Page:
The Crooked Mirror
Author: Louise Steinman
Publisher: Beacon Press
A lyrical literary memoir that explores the exhilarating, discomforting, and ultimately healing process of Polish-Jewish reconciliation taking place in Poland today Although an estimated 80 percent of American Jews are of Polish descent, many in the postwar generation and those born later know little about their families’ connection to their ancestral home. In fact, many Jews continue to think of Poland as a bastion of anti-Semitism, since nearly the entire population of Polish Jewry was killed in the Holocaust. The reality is more complex: although German-occupied Poland was the site of great persecution towards Jews, it was also the epicenter of European Jewish life for centuries. Louise Steinman sets out to examine the burgeoning Polish-Jewish reconciliation movement through the lens of her own family's history, joining the ranks of Jews of Polish descent who are confronting both Poland’s heroism and occupation-afflicted atrocities, and who are seeking to reconnect with their families’ Polish roots
The Lost Art of Dress
Author: Linda Przybyszewski
Publisher: Basic Books
A history of the women who taught Americans how to dress in the first half of the 20th century—and whose lessons we’d do well to remember today.
Author: Erica Armstrong Dunbar
Publisher: Simon and Schuster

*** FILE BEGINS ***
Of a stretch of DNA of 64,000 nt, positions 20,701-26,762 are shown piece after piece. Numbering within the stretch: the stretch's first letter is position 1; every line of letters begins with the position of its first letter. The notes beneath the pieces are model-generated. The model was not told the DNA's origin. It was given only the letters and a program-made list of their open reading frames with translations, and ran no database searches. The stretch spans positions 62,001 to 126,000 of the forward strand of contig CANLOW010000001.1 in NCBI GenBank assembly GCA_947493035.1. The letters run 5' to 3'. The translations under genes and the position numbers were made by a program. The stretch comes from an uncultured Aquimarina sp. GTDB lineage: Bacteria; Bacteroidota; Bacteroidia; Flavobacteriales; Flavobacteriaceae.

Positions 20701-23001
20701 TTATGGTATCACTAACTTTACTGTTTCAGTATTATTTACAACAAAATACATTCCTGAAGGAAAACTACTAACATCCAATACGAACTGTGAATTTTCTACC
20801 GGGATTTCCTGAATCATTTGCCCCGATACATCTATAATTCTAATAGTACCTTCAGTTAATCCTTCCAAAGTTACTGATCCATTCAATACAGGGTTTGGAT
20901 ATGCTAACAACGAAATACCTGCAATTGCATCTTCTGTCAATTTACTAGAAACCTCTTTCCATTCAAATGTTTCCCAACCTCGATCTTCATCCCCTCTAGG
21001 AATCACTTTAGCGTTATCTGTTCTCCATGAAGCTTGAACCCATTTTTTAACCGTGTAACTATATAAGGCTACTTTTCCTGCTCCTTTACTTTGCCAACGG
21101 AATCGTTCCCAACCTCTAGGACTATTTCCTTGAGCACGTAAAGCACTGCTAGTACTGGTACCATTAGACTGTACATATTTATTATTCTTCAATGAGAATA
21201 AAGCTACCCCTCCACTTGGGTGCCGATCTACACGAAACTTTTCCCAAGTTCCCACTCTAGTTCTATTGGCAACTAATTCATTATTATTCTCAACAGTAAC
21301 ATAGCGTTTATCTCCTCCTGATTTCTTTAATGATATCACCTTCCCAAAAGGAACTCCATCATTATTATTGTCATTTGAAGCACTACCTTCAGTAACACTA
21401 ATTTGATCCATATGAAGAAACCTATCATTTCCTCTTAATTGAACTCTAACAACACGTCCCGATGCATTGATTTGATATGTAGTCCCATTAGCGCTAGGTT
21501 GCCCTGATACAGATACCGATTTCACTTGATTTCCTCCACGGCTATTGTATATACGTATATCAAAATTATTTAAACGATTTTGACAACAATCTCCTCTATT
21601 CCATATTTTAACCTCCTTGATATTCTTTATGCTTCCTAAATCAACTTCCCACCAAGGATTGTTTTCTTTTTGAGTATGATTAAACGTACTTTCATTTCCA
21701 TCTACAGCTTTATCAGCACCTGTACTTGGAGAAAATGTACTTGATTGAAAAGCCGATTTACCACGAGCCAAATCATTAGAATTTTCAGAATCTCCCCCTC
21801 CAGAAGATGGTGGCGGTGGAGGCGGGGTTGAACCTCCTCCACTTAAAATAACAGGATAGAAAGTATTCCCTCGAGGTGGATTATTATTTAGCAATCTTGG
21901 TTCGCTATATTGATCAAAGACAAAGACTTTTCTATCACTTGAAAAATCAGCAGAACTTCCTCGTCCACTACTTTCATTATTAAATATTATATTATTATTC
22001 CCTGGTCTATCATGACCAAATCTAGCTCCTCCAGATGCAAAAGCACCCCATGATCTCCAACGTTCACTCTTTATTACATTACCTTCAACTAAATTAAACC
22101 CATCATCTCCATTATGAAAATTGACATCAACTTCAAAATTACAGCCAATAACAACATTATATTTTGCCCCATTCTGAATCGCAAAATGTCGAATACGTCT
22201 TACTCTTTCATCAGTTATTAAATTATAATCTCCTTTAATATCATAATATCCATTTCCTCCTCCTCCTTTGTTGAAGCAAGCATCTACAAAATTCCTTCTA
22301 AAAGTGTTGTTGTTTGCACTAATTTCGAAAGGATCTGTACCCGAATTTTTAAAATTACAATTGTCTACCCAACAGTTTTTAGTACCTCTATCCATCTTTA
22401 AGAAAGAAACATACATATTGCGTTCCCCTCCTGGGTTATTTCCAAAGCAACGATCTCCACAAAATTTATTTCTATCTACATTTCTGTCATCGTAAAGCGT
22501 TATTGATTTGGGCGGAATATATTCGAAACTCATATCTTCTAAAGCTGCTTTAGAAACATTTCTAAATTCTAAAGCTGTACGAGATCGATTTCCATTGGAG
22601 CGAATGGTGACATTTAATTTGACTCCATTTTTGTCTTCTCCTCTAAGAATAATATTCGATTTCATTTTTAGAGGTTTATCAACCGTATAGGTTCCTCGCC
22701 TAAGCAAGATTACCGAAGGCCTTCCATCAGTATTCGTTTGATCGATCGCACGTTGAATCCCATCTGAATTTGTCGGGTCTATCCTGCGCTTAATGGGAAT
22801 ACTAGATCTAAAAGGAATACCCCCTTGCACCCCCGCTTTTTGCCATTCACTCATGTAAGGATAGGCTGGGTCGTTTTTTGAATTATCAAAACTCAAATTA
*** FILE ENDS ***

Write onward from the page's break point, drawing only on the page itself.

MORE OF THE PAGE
"A revelatory account of the actions taken by the first president to retain his slaves in spite of Northern laws. Profiles one of the slaves, Ona Judge, describing the intense manhunt that ensued when she ran away."--NoveList.
The Seasons of My Mother
Author: Marcia Gay Harden
Publisher: Simon and Schuster
In this lyrical and deeply moving memoir, one of America’s most revered actresses weaves stories of her adventures and travels with her mother, while reflecting on the beautiful spirit that persists even in the face of her mother’s struggle with Alzheimer’s disease. Marcia Gay Harden knew at a young age that her life would be anything but ordinary. One of five lively children born to two Texas natives—Beverly, a proper Dallas lady, and Thad, a young naval officer—she always had a knack for storytelling, role-playing, and adventure. As a military family, the Hardens moved often, and their travels eventually took them to Yokohama, off the coast of Japan, during the Vietnam War era. It was here that Beverly, amid the many challenges of raising her family abroad, found her own self-expression in ikebana, the ancient Japanese art of flower arranging. Using the philosophy of ikebana as her starting point, Marcia Gay Harden intertwines the seasons of her mother’s life with her own journey from precocious young girl to budding artist in New York City to Academy Award-winning actress. With a razor-sharp wit, as well as the kind of emotional honesty that has made her performances resonate with audiences worldwide, Marcia captures the joys and losses of life even as her precious mother gracefully strives to maintain her identity while coming to grips with Alzheimer’s disease. Powerful and incredibly stirring, The Seasons of My Mother illustrates the unforgettable vulnerability and beauty of motherhood, as Marcia does what Beverly can no longer do: she remembers.